Tag Archive: C.S. Lewis


God Keeps Showing Up

This morning’s sermon on John 20:19-31 from Community Lutheran Church in Sterling, VA.

Thomas was framed! Every year we hear this story the Second Sunday of Easter and I think – oh man, Thomas was framed! All of the other disciples disregarded Mary Magdalene when she ran back Easter morning and told them, “I have seen the Lord!” Yet, we don’t collectively refer to them as “doubting disciples,” although maybe we should. Poor Thomas. He gets stuck with this permanent label of “Doubting Thomas” when, in fact, the word doubt doesn’t even show up in the Greek – he’s disbelieving or not believing.

So I was thinking about all of this and a song from the musical “Oklahoma!” kept popping into my head, but with different words.

Here is tune I used as the inspiration for my song about Thomas – “Poor Jud is Dead:”

Poor Thomas was framed,
Poor St. Thomas was framed,
He wasn’t there when Jesus appeared,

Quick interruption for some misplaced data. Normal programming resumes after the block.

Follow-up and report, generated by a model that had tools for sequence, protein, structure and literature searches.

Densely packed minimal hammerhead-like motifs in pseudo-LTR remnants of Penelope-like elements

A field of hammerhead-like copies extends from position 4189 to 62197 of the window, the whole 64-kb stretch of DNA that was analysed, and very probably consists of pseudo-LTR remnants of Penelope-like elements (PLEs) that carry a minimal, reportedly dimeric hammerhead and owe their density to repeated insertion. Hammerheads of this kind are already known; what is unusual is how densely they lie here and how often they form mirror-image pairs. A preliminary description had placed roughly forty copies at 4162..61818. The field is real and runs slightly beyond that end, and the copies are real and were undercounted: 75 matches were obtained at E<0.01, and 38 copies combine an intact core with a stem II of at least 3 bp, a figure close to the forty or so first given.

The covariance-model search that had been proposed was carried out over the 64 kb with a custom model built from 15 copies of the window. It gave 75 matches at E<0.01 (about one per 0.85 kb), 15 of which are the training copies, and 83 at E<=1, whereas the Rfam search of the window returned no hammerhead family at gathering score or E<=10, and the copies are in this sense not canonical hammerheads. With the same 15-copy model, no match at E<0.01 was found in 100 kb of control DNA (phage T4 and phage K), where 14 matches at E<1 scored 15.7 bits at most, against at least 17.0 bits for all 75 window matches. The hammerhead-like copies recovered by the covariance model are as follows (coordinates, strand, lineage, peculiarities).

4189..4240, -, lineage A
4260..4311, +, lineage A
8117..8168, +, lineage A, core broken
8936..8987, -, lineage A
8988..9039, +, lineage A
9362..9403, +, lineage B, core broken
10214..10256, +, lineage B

And when he said to believe,
He needed to touch and see,
All through history people jeered.

Poor Thomas was framed,
Poor St. Thomas was framed,
He always looks so doubtful and so sad,
He wanted to meet Jesus,
He’s got a lot to teach us,
And really I think he’s pretty rad.

This is what I do in my free time… Anyway, I do think Thomas has a lot to teach us. And I do think he’s pretty rad, although that’s a word I wouldn’t normally say – it just rhymed in the song!

So what exactly do we know about Thomas? As we hear in the reading for today, Thomas was called “Didymus” or “twin.” He shows up throughout the Gospels, but only speaks in the Gospel of John. We’ve already encountered him once in the past couple of weeks, when Jesus says he wants to go to Bethany to resurrect Lazarus. At that time, even though there was the fear that Jesus would be stoned, the Gospel records that, “Thomas, who was called the Twin, said to his fellow-disciples, ‘Let us also go, that we may die with him.’” Pretty bold fellow, I think.

Then, a few chapters later, after the Last Supper, Jesus speaks about going to prepare a place for the disciples in his Father’s house. He says, “And if I go and prepare a place for you, I will come again and will take you to myself, so that where I am, there you may be also. And you know the way to the place where I am going.” But Thomas, apparently the most inquisitive of the bunch says, “Lord, we do not know where you are going. How can we know the way?”